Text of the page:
Watching one of those forensic tv shows, a police officer was accused of murdering his wife. All the evidence pointed to him as the killer. He took a polygraph and passed. He still went to jail. Later, re-creation of the murder scene and testimony by expert witnesses on the angles of gunshots found the officer not guilty, the murder was instead, a suicide.
Passing a polygraph in this case, as in many cases, didn’t really seem to matter. Failing a polygraph is what gets the fingers pointing and tongues wagging, “see there, he failed the lie detector test, he’s guilty for sure.” We’ve been conditioned by the media to believe that polygraphs detect lies.
The issue of polygraphs is strange. If the courts don’t believe in their reliability, if their results are inadmissible, why then are they still being used for maintenance and monitoring of registrants on probation or under supervision? Either they’re accurate or they’re not, you can’t have it both ways.
According to the US Courts, polygraph examinations are given at the discretion of the probation officer “to ensure compliance of supervision and treatment programs.” Their purpose according to the courts is to “serve the statutory sentencing purposes of public protection, deterrence and rehabilitation”.
But if they’re not foolproof, then how are they ensuring, protecting, deterring or rehabilitating anyone? And when polygraphs are failed or inconclusive for no apparent reason, what does that do to the integrity of the registrant taking the test?
I recently heard from a registrant that had routinely passed all his polygraphs while on probation. Suddenly, he failed two in a row. Now his P.O and treatment counselors were questioning whether he was a liar. He knew he had the full trust of family and friends, yet he couldn’t help but wonder, what they were thinking, were they starting to question his integrity, did they believe the test results which he knew had to be incorrect?
The registrant was upset, and rightly so. He was angry that the integrity which he had struggled for years to rebuild, was now in question. He hadn’t strayed from his probation or course of treatment, hadn’t re-offended or had any thoughts of re-offending. He was doing everything he was supposed to, following all the requirements and yet a polygraph result was being used to infer that he was lying, being deceitful. In fact, his P.O. went so far as to tell him there would be “serious consequences” if he failed the next polygraph.
Polygraphs measure and record physiological responses such as heart rate, blood pressure, breathing patterns and galvanic skin response when a person is asked and responds to questions. The polygraph examiner takes those physiological measurements, interprets the results and offers an “opinion”, somewhat subjective, regarding any deception on the test taker’s part.
Here we have a registrant, adamant that he’d done nothing wrong and a polygraph result labeling him as being deceitful.
Now, let’s add a few strange facts into the mix.
During the same few months that this registrant failed his 2 polygraphs, several others in the same treatment group who had also routinely passed their tests, failed their polygraphs as well.
This polygraph technician routinely collaborated with another technician regarding test results.
During those few months of “failed” polygraphs, the polygraph testing company’s state contract was up for renewal but was under-bid by another company. (Later, that contract would fall through and this company would win back their contract, at the new, increased, test rate.)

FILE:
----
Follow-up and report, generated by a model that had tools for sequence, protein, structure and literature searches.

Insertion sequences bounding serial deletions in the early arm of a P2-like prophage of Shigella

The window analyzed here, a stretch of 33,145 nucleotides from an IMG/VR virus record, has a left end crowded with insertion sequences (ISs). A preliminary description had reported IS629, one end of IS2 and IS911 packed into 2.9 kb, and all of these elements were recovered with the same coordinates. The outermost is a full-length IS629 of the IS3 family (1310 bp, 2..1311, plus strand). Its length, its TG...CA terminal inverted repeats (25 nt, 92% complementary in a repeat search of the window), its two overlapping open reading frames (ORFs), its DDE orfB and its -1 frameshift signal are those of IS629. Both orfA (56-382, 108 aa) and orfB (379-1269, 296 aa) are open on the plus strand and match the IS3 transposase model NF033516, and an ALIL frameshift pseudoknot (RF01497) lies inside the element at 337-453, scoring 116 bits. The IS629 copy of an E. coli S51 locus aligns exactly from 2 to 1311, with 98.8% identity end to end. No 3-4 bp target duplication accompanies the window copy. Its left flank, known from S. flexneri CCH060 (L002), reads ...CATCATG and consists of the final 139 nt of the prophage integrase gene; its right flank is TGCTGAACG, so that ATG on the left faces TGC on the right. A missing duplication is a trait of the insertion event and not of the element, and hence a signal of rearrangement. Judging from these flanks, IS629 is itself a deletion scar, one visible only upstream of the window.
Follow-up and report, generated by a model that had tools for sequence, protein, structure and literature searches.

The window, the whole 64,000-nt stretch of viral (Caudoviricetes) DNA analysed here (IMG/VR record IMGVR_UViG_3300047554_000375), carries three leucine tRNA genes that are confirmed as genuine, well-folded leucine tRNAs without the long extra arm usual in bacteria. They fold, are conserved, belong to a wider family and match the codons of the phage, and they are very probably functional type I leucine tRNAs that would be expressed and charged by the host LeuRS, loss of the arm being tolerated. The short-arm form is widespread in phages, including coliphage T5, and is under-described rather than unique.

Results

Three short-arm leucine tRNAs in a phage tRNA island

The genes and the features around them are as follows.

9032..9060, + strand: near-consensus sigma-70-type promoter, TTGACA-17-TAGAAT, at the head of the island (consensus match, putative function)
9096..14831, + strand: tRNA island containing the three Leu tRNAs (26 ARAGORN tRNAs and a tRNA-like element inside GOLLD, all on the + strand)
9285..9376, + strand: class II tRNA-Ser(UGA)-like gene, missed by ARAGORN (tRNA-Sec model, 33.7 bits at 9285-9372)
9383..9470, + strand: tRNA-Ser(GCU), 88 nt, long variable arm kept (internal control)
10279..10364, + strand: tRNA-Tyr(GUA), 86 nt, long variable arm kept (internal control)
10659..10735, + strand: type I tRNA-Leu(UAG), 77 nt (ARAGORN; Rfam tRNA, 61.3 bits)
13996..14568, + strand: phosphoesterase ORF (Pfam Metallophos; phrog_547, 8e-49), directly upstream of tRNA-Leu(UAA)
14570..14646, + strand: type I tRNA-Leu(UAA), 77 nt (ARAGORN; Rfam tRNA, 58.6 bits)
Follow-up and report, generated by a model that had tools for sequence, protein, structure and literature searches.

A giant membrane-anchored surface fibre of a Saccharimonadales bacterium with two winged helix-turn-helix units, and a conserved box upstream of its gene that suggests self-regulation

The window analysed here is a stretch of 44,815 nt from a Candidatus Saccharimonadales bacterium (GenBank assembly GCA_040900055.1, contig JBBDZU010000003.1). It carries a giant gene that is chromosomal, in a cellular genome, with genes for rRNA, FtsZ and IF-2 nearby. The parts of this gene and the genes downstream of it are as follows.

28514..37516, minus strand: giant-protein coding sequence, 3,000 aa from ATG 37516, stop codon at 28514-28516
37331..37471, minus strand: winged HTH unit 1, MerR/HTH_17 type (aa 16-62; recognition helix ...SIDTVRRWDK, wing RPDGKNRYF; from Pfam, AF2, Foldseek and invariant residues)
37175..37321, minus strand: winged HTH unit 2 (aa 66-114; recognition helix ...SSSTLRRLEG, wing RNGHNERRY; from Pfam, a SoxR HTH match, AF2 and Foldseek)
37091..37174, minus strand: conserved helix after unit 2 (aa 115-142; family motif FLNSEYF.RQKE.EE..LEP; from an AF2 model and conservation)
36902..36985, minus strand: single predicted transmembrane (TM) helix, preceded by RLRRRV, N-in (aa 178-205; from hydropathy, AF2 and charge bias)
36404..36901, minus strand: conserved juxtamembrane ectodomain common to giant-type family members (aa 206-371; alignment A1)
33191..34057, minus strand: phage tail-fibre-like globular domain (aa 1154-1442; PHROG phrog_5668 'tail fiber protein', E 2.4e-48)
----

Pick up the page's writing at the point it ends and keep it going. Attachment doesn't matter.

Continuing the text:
The registrant with the 2 failed polygraphs had taken both failed exams in the early morning (the time had been scheduled for him, not by him.) Even though test takers are advised to get a good night’s sleep prior to taking the exam, this registrant was required to take both tests after having worked until 1AM the morning of the exam and having gotten very little sleep.
In treatment group when registrants discussed their anger and anxiety over recently failing polygraphs for no apparent reason, counselors asked what they could do to help the registrants pass their exams. (Of course, there was nothing they could do.)
Long story short, during the next round of polygraphs, most of the registrants, including the one with the 2 failed polygraphs, passed.
The test questions were the same as those asked during the previously failed tests. No one had deviated from their supervision requirements, no one had re-offended. Everything was pretty much the same, only this time people were passing their tests.
The treatment counselors and P.O.s were happy. They told the registrants how proud they were that they had passed their exams.
Registrants being forced to take polygraphs that bring their integrity in to question, polygraphs that are scheduled with no consideration as to a registrant’s work/sleep schedule, an unusual amount of “failed” polygraph exams when state contracts just happen to be on the line?
Of course, there’s no proof that anything’s amiss here, but it all sounds a little sketchy, a little too co-incidental. It’s one of those things that make you think, “Hmmm”.
What bothers me is bringing a registrant’s integrity in to question and threatening them with serious consequences when they fail a polygraph. Polygraphs are not 100% accurate and there seems to be numerous physiological issues that can skew the results. People have lied and passed polygraphs and people have told the truth and still failed.
Registrants are assumed to be “deceitful” and threatened with “serious consequences” if they fail a polygraph. On the flip side, when they pass the exam, treatment counselors felt that a “we’re so proud of you” comment would instantly erase the doubts of integrity and deceitfulness that had been heaped upon the registrants just weeks before?
New Year, new price increase, same old polygraph technology.